Plant A Tree

Shannon - Buda, Texas
Entered on August 29, 2008
Age Group: Under 18
Themes: nature

I believe that everyone should plant a tree.

Alright alright, so this is what you’re thinking; “What the heck, weird hippie girl? Why would you come on this radio show and tell me to plant a tree?” No worries. I’ll get there.

I’ve been going through a “save the environment” phase recently, although apparently everyone seems to be “going green” these days. About a year ago, I decided to go to Home Depot and take matters into my own hands. No, I didn’t have any sort of rally in front of city hall or lay down in front of any bulldozers; I just wanted to plant a tree in my front yard. And that is exactly what I did…okay, I filled the hole with mulch after my dad dug it.

I soon figured out that a growing tree needs more than just a dirt hole to survive. It needs sunlight, water, protection, some encouragement, and a lot of love. You could say that the same goes for people. I learned this the hard way. See, I was a pretty busy fifteen year old at the time, as weird as that sounds. I didn’t have time to go home and water my tree on a daily basis; I was too busy catching up on the latest high school gossip and buying the newest pair of American Eagle’s ripped jeans.

Over time, my tree was starting to wither and slouch. If plants had faces, mine would have had a constant look of hopelessness. I knew that my friends would never let me live it down that I killed a tree, so, out of guilt and fear of harassment, I decided that I needed to take better care of him. Yes, my tree became a him. HIS name is Toby. My friends got a hoot out of that.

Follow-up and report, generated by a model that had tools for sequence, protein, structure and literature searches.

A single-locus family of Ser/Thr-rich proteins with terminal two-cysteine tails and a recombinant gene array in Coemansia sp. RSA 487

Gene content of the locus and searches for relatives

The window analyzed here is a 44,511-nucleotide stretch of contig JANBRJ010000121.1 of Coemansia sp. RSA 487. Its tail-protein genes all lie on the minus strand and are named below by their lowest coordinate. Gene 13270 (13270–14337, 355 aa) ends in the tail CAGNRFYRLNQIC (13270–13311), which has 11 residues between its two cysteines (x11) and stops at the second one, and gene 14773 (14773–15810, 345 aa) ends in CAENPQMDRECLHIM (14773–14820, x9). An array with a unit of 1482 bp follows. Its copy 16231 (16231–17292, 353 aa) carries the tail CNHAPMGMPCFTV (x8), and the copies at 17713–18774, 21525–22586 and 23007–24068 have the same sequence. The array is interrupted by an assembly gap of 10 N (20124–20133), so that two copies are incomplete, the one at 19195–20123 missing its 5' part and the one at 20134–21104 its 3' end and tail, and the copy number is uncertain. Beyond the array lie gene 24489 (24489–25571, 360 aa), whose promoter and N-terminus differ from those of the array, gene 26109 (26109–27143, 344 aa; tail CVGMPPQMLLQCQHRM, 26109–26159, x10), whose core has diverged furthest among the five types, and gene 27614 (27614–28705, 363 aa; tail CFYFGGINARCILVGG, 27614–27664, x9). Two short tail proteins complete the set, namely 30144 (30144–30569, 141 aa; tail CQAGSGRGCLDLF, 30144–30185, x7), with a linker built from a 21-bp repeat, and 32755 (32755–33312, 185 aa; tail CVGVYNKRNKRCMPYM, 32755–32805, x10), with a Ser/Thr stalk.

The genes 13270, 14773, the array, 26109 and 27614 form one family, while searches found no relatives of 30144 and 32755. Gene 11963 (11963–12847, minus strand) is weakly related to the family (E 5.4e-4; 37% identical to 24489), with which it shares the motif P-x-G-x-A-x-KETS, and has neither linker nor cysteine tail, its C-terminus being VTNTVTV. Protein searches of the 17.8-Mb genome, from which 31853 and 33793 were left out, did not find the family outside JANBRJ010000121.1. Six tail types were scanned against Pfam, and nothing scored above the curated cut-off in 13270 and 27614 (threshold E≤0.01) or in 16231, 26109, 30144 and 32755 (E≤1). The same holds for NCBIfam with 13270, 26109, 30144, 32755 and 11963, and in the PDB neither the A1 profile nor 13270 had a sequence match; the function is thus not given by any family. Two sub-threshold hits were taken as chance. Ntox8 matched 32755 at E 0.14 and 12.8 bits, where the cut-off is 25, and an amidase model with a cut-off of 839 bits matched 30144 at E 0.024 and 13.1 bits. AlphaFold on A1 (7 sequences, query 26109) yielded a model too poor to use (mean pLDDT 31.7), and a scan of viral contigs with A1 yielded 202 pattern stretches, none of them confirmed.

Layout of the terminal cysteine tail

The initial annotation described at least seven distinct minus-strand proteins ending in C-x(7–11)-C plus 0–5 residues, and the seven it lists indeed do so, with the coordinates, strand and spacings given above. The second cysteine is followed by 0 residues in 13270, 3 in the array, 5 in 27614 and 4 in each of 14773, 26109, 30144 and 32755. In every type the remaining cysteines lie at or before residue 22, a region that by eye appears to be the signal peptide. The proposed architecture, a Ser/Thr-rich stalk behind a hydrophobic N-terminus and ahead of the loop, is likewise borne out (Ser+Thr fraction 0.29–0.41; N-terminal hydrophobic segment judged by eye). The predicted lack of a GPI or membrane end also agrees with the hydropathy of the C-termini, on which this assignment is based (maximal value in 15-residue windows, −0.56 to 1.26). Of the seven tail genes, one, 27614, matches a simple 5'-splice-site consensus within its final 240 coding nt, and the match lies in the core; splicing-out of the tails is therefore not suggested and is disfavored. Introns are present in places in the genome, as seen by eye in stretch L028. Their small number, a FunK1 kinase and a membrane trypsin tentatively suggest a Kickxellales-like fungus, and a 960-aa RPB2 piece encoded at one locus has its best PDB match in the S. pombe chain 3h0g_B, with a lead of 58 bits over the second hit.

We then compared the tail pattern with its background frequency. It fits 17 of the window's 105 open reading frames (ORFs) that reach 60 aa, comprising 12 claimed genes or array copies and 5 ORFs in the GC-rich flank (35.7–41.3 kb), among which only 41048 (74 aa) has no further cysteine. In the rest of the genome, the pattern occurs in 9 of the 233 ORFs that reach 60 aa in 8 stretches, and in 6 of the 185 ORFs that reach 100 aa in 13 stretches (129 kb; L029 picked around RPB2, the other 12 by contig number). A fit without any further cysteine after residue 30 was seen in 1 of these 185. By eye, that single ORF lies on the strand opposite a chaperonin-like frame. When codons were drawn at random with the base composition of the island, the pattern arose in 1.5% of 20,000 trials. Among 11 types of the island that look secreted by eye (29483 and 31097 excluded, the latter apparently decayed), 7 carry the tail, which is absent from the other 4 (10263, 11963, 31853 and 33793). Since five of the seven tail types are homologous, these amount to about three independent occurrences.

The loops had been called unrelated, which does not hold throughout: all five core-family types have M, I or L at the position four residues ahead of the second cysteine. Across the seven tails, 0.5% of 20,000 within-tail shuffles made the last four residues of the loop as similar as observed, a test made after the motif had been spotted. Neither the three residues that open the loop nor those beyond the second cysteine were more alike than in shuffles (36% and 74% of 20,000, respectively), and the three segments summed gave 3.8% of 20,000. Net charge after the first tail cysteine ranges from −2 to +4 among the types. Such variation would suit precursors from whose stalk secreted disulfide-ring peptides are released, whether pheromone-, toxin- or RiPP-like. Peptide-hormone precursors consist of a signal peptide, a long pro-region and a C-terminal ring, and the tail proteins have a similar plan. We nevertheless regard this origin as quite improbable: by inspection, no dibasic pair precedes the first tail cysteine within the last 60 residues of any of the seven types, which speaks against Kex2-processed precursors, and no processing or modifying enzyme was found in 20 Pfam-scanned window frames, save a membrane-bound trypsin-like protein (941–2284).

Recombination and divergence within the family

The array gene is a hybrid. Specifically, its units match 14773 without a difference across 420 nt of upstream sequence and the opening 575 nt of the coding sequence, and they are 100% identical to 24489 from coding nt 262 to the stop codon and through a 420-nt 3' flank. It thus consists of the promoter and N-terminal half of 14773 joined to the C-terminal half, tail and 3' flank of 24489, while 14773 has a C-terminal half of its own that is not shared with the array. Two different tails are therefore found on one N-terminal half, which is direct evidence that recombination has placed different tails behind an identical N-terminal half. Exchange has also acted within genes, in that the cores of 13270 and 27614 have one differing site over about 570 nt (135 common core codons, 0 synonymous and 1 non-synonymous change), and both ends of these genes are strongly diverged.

I was genuinely worried about my tree. So I watered Toby, I straightened Toby with a metal stake and some wire string, I fenced Toby in to keep the deer from eating his bark. I even talked to Toby. (I had heard that talking to plants helps their growth.) Sure, my friends called me crazy but I couldn’t help myself. I cared for that tree as if it were my own flesh and blood. I tried so desperately to save him from the eternal dirt pit and the grim reaper of trees.

Eventually, thankfully, he came back to life. He’s not entirely back to his normal self quite yet, but he’s getting there. He no longer needs my worrying or my sheltering. He can stand straight and fend off any deer just fine.

I like to think that trees are like people, except immobile. A tree can’t grow without a little help, and neither can I. Everyone needs something to lean on, whether it is a metal stake or a friend’s shoulder. With every person that I meet, I think of them as my newly planted tree. I am their metal stake in the ground.